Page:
Interactions of Alcohol and Prostanoids in the Vascular System

Implications for Cardiovascular Disease
  • John W. Karanian
  • Norman SalemJr.
Part of the GWUMC Department of Biochemistry Annual Spring Symposia book series (GWUN)


Epidemiologic data suggest that low alcohol consumption may protect against atherosclerosis-related cardiovascular disease, whereas high consumption is associated with vasoplastic disorders. We have examined the proposition that the capacity to produce PGs as measured in rat aorta, cerebral microvasculature (CMV), and plasma is modulated by alcohol dose and the duration of exposure and thereby contributes to changes in the vascular state. Isolated rat aorta was exposed to alcohol either in vitro or by an inhalation technique using our automated apparatus for precise control of alcohol vapor and blood concentrations (BAG). An acute exposure to moderate alcohol levels decreases the amplitude of contraction to a thromboxane mimic, whereas higher levels do not affect the response. The observed depression in aortic contractility is associated with a significant increase in the PGI2/ TxA2 ratio. This would result in a shift towards a vasodilatory/platelet antiaggregatory state in vivo. At higher levels, alcohol may act as a spasmogen, increasing intracellular Ca, and in this way may counteract the depressive effect of PGs, such as PGI2, on vascular contractility and platelet aggregability. Chronic alcohol inhalation significantly depressed aortic PG levels (moderate BAC, 27%; high BAC, 45%) and induced a mild hyperreactivity to the TxA2-mimic. This depression in PG levels may result in part from alcohol-induced depletion of 20:46; content was inversely related to the duration of exposure and decreased as much as 50%. Similarly, high BAC induced marked hypersensitivity to the pressor effects of norepinephrine and the TxA2-mimic (22% and 44%, respectively; monitored via tail artery cannula) and depressed plasma PGI2 and TxA2 levels (moderate BAC, 21%; high BAC, 37%). As expected, NSAID treatment of normal rats induced a comparable increase (48%) in vascular reactivity to the TxA2-mimic. Pretreatment of alcoholic rats with aspirin (45 mg/kg) induced a mild (5%) but insignificant increase in this response. These data are consistent with the proposition that chronic alcohol exposure has an aspirinlike effect on the prostanoid system, as reflected by altered contractility. A CMV fraction showed similar effects on PG levels; acute alcohol exposure increased the PGI2/TxA2 ratio (fourfold), and chronic exposure decreased the PGI2/TxA2 ratio (32%). One might predict that the result in vivo would be a shift towards a vasoconstrictor/platelet aggregatory state. Hyperreactivity and the depression in total PG levels associated with chronic alcohol abuse could contribute to the hypertensive and vasospastic disorders found in alcoholics. In contrast, hyporeactivity mechanism contributing to the lower incidence of atherosclerotic heart disease in this group. Thus, in response to activation of the prostanoid system, different profiles of PGs will be formed. Modification of the vascular state, at least in part, will be determined by the summation of their biological effects.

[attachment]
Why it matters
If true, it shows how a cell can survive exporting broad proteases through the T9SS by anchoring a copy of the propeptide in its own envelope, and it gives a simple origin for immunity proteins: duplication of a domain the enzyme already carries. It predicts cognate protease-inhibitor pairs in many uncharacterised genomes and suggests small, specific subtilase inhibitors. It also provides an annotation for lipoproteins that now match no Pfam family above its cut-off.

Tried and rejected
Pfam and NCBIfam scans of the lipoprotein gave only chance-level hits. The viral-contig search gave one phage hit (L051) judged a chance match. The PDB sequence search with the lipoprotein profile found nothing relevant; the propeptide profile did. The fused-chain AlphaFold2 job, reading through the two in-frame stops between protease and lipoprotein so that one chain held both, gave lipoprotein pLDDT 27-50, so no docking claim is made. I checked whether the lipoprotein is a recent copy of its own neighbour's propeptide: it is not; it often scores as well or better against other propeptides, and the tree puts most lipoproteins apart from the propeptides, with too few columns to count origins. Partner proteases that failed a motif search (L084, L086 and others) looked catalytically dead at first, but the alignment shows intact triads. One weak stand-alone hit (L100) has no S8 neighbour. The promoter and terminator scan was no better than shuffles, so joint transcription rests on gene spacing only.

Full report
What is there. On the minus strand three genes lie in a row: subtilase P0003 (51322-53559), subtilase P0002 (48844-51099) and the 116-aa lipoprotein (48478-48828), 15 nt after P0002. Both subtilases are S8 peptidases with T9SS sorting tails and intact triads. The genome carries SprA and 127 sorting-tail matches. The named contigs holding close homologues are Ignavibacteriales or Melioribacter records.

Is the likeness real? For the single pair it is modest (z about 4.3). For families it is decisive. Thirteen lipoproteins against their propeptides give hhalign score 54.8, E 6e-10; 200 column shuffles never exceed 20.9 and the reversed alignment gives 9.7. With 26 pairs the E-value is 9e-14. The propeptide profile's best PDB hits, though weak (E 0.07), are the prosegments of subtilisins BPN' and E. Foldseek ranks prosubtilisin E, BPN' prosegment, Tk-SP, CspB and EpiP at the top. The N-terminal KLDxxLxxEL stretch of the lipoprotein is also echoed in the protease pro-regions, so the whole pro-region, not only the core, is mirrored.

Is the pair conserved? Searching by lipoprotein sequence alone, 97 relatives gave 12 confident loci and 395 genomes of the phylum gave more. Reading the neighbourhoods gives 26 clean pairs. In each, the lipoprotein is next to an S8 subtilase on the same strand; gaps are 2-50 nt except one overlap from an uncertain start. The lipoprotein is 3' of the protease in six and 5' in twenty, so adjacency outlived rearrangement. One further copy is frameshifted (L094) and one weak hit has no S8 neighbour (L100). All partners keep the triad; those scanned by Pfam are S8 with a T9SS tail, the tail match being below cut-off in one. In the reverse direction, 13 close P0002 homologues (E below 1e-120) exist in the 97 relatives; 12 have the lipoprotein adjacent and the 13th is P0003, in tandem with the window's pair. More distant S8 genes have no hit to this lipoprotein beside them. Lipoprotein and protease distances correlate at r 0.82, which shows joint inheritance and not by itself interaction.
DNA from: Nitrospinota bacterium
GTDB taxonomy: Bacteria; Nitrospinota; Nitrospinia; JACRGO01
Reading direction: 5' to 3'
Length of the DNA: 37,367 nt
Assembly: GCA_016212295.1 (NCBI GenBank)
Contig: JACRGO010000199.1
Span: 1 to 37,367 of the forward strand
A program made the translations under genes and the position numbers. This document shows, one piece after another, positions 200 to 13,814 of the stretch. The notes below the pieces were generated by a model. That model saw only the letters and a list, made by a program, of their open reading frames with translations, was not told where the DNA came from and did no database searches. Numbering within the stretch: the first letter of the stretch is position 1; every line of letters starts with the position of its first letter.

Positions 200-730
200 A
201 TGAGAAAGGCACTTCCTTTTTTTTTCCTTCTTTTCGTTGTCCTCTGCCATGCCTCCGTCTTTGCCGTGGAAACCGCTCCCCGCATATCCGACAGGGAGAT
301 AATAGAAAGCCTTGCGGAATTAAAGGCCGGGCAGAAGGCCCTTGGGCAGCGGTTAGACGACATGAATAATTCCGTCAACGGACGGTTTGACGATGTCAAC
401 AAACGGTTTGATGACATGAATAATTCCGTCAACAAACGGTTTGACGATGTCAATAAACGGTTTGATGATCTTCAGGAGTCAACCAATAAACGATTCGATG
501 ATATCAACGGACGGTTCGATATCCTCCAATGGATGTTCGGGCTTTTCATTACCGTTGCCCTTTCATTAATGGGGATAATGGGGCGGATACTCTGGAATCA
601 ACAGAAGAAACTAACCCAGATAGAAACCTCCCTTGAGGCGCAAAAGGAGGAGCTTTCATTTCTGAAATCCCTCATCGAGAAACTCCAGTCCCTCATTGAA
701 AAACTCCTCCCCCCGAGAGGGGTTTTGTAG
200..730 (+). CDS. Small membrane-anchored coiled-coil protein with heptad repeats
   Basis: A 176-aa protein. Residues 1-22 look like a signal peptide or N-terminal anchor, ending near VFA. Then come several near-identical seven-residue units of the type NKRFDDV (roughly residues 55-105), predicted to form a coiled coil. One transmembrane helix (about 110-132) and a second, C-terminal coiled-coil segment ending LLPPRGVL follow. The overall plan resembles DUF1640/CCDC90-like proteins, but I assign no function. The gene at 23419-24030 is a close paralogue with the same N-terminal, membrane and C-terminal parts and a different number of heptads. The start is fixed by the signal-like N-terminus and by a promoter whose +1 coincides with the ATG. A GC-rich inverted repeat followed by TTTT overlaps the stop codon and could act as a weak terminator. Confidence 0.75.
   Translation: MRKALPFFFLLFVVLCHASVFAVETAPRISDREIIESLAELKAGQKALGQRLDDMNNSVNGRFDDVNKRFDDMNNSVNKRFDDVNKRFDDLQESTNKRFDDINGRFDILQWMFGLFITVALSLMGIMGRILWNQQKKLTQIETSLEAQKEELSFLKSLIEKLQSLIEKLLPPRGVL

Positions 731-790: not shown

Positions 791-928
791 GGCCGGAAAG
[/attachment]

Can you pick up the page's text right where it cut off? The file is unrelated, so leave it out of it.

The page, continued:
Chronic Alcohol Alcohol Exposure Inhalation Technique Blood Alcohol Level Alcohol Vapor 
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Copyright information

© Plenum Press, New York 1987

Authors and Affiliations

  • John W. Karanian
    • 1
  • Norman SalemJr.
    • 1
  1. 1.Section of Analytical Chemistry, Laboratory of Clinical Studies, National Institute of Alcohol Abuse and AlcoholismNational Institutes of HealthBethesdaUSA

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